Brining lingonberries in water, plain or sugared, is the main way to preserve lingonberries in the north of Russia. Brining means simply covering berries in liquid (brine) and leaving them at room temperature for a period of time, before moving them to cold storage.

On any other occasion, leaving berries or fruit sitting with sugar at room temperature would result in alcohol fermentation. But lingonberry is the exception to that rule – its benzoic acid prevents alcohol from forming.

Most of the time, brining fruit or vegetables equals lacto fermentation. Lacto fermentation is a process of metabolic activity between beneficial lactic bacteria and plant sugars to create probiotic rich, easily digestible foods. While there are definitely metabolic processes that take place while brining lingonberries, there are no clear signs of fermentation such as bubbling, frothing and funny smell. If the jar is closed tightly for an extended period, the pressure does build up so it’s a good idea to either burp the jar every now and then (open the lid to release pressure), or use an air lock fermenting jar like this.

Where to get lingonberries

Since it’s pretty unlikely that you have access to fresh local berries if you live in the States, you can check out your local European markets’ freezer sections. Most of them have lingonberries. The Russian word for lingonberries is brusnika, in case you need to ask for help and come across a particularly dense Eastern blocker. Try a small amount first to make sure it is a flavor you enjoy, and then you can venture to something along these lines.

Russian brined lingonberries

HOW TO MAKE RUSSIAN BRINED LINGONBERRIES

Ingredients
Fresh or frozen lingonberries, any amount
Filtered water

Instructions
Place lingonberries into a glass mason jar.
Add enough water so that all the berries are submerged.
Cover well (I love these reCAP mason jar lids, they can be used with a waterless fermenter).
Keep at room temperature for 2 weeks.
Transfer to refrigerator after 2 weeks. Lingonberries can now be eaten, although I think the flavor improves with longer storage.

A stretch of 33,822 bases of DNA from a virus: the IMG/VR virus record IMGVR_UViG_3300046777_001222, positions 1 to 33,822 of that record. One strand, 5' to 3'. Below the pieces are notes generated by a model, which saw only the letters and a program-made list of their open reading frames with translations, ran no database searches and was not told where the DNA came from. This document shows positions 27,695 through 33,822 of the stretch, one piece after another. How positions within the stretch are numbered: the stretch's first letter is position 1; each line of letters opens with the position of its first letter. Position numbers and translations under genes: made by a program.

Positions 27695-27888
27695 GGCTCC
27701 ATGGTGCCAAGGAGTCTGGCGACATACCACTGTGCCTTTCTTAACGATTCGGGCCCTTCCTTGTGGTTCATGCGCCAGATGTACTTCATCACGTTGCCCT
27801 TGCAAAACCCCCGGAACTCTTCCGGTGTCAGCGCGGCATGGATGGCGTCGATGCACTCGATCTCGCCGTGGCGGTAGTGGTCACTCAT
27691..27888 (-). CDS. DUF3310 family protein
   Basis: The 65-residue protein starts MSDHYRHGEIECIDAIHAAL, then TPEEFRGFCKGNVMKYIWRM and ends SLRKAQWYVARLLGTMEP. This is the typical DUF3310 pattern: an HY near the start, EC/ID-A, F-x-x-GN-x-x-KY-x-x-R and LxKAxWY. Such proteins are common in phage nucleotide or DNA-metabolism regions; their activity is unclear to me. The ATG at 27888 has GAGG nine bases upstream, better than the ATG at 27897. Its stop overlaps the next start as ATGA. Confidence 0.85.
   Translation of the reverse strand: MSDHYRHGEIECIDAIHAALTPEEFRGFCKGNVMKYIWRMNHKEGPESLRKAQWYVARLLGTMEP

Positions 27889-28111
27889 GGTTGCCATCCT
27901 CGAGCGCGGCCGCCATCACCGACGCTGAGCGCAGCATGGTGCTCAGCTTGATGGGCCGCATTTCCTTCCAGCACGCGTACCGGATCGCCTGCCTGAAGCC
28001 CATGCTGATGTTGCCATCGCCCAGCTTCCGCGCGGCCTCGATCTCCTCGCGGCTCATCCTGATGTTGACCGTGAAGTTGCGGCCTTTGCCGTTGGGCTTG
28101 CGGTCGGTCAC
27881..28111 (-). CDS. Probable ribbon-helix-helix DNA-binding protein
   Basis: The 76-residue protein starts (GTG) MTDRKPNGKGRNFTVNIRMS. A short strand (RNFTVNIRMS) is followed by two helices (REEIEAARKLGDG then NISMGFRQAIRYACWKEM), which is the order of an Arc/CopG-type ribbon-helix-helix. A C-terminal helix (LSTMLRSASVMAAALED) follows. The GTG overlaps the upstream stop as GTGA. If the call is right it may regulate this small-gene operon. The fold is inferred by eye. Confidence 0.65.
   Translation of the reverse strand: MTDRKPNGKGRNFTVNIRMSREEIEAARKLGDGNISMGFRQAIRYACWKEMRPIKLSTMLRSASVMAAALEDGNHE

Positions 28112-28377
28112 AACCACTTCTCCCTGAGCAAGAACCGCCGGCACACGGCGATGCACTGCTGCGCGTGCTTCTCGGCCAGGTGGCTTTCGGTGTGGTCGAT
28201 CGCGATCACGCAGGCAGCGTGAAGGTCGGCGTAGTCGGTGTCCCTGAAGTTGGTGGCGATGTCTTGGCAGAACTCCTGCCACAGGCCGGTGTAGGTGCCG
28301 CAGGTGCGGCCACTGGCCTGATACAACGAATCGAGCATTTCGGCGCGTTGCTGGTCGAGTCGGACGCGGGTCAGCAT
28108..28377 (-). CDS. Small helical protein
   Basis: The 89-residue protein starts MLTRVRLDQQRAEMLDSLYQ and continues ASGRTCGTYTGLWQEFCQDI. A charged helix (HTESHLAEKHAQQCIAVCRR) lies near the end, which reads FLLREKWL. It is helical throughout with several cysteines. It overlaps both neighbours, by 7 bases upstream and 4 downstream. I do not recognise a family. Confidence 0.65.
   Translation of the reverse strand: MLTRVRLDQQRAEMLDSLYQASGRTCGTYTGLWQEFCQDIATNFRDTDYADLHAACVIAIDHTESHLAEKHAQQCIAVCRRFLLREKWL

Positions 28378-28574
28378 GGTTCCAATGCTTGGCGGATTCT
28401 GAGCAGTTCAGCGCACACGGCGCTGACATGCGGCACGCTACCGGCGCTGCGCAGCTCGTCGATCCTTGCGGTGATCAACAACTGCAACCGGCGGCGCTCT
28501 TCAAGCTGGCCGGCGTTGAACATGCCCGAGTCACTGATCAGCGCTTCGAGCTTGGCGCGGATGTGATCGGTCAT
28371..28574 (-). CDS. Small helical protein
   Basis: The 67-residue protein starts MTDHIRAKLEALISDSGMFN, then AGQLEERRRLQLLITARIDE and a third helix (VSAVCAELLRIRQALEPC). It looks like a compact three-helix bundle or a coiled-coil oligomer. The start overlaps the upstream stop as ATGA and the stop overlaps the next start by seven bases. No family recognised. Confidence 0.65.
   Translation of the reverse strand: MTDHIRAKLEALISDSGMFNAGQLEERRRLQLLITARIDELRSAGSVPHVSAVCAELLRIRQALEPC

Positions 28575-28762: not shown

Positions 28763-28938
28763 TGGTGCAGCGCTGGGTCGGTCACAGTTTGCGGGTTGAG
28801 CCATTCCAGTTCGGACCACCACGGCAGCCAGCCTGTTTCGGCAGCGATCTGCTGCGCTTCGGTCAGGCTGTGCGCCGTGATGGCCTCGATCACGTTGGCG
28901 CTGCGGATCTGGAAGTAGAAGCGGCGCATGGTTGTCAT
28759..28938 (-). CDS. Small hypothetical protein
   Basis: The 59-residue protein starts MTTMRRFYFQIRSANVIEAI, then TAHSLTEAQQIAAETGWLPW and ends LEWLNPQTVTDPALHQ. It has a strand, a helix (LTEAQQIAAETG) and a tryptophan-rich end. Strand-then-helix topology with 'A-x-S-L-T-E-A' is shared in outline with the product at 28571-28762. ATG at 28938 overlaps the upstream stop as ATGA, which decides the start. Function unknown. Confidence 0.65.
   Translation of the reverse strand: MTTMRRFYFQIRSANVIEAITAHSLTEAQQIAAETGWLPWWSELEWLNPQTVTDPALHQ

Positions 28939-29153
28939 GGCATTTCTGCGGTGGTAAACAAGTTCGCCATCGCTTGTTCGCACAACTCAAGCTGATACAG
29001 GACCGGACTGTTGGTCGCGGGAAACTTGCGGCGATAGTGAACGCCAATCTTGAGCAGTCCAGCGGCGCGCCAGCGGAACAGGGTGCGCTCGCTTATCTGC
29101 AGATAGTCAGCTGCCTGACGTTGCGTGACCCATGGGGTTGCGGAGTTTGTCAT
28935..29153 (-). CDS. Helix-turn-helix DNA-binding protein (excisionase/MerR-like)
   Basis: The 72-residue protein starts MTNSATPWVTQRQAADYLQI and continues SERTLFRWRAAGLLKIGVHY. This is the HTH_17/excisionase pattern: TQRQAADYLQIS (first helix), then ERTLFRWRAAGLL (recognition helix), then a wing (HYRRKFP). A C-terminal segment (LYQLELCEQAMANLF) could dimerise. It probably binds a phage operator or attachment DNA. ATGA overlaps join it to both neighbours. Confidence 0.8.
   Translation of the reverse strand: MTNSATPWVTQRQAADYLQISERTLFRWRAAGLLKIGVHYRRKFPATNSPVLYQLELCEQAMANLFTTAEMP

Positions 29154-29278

Notes
The berries will eventually come to float, which is fine. There is no need to weigh them down.
I like to eat brined lingonberries with savory dishes and tossed with sauerkraut. I love them with beef goulash and mashed potatoes! All my kids enjoy them but my 22-month old is completely obsessed with them, it’s pretty funny to watch.
Back in Russia, some folks mix brined lingonberries with honey or sugar before serving them like a sauce.

Russian Brined Lingonberries
 
Prep time
Total time
 
Author:
Recipe type: ferment
Cuisine: Russian
Ingredients
  • Fresh or frozen lingonberries, any amount
  • Filtered water
Instructions
  1. Place lingonberries into a glass mason jar.
  2. Add enough water so that all the berries are submerged.
  3. Cover well (I love these reCAP mason jar lids, they can be used with a waterless fermenter).
  4. Keep at room temperature for 2 weeks.
  5. Transfer to refrigerator after 2 weeks. Lingonberries can now be eaten, although I think the flavor improves with longer storage.
Notes
The berries will eventually come to float, which is fine. There is no need to weigh them down.
I like to eat brined lingonberries with savory dishes and tossed with sauerkraut. I love them with beef goulash and mashed potatoes! All my kids enjoy them but my 22-month old is completely obsessed with them, it's pretty funny to watch.
Back in Russia, some folks mix brined lingonberries with honey or sugar before serving them like a sauce.

russian brined lingonberries